Roann, Indiana was founded in 1853 and in 2000 had a population of roughly 400. You will find 4 beautiful churches in this small town with numerous others in the surrounding area. The four “local” churches come together several times a year for a community service, one which is held the Sunday during the Roann Covered Bridge Festival.
Roann is also home to the Roann Paw Paw Public Library, the smallest town to have a Carnegie library. You can also tour the Stockdale Mill, drive across one of two covered bridges that remain in Wabash County or reminisce on days long ago.
It’s easy to spend a day visiting the antique shops like Mom & Pop’s Jazzy Junk or the Antique Mall next door. Grab a basket of fish at Lynn’s Restaurant or a pizza from The Pizza Shoppe to satisfy your hunger. Other businesses in town include beauty/barber shops, insurance agencies, a gas/convenience store and a post office.
There are two legends concerning the naming of the town:
As one story goes a short time after the town was planned and surveyed a young lady, Ann Beckner, was crossing the Eel River in a small boat near the location of the new town to join a group of persons on the opposite side. Winds of an approaching storm, we are told carried her boat from its course, causing considerable alarm to those awaiting her on the shore and someone in the group shouted encouragingly to the distressed maiden, "Row, Ann, Row Ann", and it occurred to someone present that the new town might be called Roann.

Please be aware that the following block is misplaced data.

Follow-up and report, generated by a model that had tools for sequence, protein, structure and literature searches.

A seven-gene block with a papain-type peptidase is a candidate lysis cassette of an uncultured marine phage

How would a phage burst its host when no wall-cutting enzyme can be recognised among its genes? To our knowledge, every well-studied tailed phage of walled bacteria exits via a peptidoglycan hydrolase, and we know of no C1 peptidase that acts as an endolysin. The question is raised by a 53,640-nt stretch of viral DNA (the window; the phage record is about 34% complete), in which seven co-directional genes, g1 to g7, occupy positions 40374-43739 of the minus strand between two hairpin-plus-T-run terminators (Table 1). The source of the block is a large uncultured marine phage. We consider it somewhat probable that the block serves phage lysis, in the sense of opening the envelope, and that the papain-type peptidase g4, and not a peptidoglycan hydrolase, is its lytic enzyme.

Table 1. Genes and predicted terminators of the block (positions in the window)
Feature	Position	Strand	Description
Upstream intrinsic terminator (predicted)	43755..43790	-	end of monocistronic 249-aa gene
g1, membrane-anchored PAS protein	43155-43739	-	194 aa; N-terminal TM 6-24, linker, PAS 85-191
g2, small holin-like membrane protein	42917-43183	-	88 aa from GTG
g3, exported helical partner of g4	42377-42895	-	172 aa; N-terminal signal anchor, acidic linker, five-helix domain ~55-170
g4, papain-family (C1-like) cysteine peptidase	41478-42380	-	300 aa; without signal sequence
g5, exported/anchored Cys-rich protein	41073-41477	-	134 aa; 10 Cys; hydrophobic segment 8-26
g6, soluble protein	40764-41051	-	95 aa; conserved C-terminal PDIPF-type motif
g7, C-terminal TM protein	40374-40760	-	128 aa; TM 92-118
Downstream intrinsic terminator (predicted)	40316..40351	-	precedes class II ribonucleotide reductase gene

The following is credited with being the really true story which is authenticated by the obituary of Ann Beckner Brower (furnished by Opal Rantz), who was related to the writer by Elsie Brower Kreig, and daughter of Ann Beckner.
It was about 117 years ago when Joseph brought his family to Indiana from Virginia and bought 600 acres of land from the Government. They operated a tavern where in early days weary travelers found feed for their horses and board and lodging for themselves. The Indian trail led from Stockdale, or Squirrel Village to Wabash Town and it was not uncommon for the Indians to stop by Beckner's Tavern on their way to Wabash Town.
In 1853 when the site for the new town was surveyed, the Beckners employed a "hired girl" who was the same age as the Becker's daughter. She, too, was named Ann- Ann Roe.
As the days of the surveying were concluded the air about the Beckner Tavern was charged with excitement. Evening came and the long kitchen table was covered with important papers which later became a living reality in the form of the new town. Now to name the town, they mused together. Then the surveyor snapped a finger, "Why not name it after the cooks?" He looked about for the blushing, giggling girls. "The two Ann's" then thinking aloud, Annsby- Annro- I have it! He laughed loudly. "RoAnn!" and so it has always been.
Taken from "Roann-150 years of small town life" by David Zinsmeister
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